|Richard Brzostek - 11/17/2008
"Enigma Secret" (Sekret Enigmy) takes us into the history and shows the adventures of a few Polish men whose story is not widely known. The Polish government enlisted its best civilian thinkers to help decode German messages. These mathematicians turn into war heroes as they decode the secret of the enigma.
This is a bit different war film. It lacks scenes of battles but is filled with espionage and a great deal of suspense because of the precarious time period. The story doesn't revolve around professional soldiers but of civilians that turn into cryptologists and help in the war. It stays away from the gritty details of the battlefields but shows us how the families were separated and torn apart, as everyone was affected by the war. "Enigma Secret" brings to life this time period and fills the two and a half hour film with a remarkable story.
The story is a chilling chronicle of World War II - from before it began to its tail end. Some parts of the movie will be unforgettable. I thought there is great build up in the impending doom just before the war breaks out. Their escape to France via Hungry will keep you on edge. Being just a few steps ahead of the Germans isn't an easy task and, unfortunately, their allies don't always help them. Overall, the way the story is presented doesn't show too much violence so it is one you can watch with the whole family.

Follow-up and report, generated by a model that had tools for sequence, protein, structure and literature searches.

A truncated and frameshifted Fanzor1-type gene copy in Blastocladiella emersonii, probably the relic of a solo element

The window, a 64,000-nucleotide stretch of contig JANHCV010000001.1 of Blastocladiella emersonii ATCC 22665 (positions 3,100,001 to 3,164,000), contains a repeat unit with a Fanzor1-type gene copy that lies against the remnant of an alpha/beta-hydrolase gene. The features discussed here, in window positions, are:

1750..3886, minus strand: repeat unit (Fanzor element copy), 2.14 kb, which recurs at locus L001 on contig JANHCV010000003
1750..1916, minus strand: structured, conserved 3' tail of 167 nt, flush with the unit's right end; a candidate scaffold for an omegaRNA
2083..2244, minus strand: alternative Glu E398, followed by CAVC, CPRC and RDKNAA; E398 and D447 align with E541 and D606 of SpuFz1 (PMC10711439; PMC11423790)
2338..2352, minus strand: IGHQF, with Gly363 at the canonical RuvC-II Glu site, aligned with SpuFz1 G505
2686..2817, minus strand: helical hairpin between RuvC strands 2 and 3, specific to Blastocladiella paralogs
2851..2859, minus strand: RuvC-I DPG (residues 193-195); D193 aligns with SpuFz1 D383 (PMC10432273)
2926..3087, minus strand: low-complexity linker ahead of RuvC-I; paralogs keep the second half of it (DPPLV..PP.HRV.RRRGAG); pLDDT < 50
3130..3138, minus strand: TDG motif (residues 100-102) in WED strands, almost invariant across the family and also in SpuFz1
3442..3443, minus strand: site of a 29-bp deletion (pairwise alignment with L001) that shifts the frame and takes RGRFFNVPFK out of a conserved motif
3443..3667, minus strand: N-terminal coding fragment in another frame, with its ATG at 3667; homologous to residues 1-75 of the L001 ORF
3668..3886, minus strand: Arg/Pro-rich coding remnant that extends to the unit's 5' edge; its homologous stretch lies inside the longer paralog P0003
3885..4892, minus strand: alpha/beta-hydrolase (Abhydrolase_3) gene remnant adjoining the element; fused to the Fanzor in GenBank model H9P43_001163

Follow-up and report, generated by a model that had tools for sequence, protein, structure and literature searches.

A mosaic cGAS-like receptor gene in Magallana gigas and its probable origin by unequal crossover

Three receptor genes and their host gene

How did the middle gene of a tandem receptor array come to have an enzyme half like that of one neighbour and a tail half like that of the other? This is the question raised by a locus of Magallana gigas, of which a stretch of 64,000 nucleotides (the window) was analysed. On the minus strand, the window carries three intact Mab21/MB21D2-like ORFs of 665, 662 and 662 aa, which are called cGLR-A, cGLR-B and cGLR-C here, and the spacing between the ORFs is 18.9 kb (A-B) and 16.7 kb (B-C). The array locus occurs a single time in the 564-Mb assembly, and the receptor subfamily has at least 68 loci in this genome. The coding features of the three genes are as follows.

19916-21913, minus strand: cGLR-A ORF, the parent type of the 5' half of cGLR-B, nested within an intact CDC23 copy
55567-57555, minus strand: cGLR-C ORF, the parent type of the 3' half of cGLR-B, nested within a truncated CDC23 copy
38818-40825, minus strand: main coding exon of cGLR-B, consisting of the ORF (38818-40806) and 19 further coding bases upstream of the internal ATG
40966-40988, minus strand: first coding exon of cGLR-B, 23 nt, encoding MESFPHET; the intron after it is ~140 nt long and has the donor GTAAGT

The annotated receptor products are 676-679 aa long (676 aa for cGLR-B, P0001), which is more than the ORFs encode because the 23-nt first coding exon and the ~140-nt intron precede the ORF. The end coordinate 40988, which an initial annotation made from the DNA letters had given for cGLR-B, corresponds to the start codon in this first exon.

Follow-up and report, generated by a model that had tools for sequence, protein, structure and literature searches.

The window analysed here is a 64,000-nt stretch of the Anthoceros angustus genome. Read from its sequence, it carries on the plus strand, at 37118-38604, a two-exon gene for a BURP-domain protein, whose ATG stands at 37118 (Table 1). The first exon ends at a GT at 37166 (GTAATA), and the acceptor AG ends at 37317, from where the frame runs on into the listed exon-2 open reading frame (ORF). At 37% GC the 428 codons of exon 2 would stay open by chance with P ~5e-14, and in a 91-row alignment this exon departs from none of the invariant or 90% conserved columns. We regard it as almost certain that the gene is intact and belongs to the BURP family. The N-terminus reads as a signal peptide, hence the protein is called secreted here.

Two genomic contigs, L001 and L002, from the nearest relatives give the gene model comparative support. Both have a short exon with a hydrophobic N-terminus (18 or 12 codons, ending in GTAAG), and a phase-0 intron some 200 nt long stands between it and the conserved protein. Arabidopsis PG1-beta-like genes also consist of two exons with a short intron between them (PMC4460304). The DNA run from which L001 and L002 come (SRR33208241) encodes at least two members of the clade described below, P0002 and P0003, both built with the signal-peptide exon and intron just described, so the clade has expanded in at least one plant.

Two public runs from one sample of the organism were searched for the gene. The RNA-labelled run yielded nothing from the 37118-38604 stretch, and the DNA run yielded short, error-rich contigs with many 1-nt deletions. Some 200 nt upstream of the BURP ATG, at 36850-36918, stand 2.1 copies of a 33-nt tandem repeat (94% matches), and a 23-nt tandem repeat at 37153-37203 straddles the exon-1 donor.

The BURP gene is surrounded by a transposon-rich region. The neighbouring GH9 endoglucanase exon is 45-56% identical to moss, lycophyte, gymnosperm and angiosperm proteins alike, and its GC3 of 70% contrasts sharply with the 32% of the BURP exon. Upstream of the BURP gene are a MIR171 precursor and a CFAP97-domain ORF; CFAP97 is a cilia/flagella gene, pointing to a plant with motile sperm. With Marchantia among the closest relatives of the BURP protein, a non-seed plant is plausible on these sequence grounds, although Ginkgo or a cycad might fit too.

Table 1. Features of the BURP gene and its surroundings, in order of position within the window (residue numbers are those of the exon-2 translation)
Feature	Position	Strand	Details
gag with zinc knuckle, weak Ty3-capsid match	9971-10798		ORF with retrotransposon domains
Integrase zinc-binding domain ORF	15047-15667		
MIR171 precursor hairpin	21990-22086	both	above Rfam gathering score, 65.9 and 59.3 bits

|George Sax - 05/02/2008
It would be a Polish joke of another sort entirely if the story Roman Wionczek's movie tells is factual. While some British and Americans have quietly been contesting the right to claim credit for breaking the German Enigma code during the Second World War (there's even a fanciful Matthew McConaughey movie); the Poles seem to have been harboring some resentment. This 1979 feature argues that it was three Polish mathematicians, working in the Polish Cipher Bureau, who first cracked the code, and then gave it to the British and Free French. The former may have built an improved code-reading machine at Blechley Park under Alan Turing's direction, but it was Poles who made this possible. Since it was a Polish diplomat, Jan Karski, who tried to warn the uninterested Churchill and Roosevelt about the unfolding Holocaust, this might be true, although the film could be more gripping. It plods some, in a neo-Socialist Realism way, and it has the least impressive Hitler impersonation I've ever seen.
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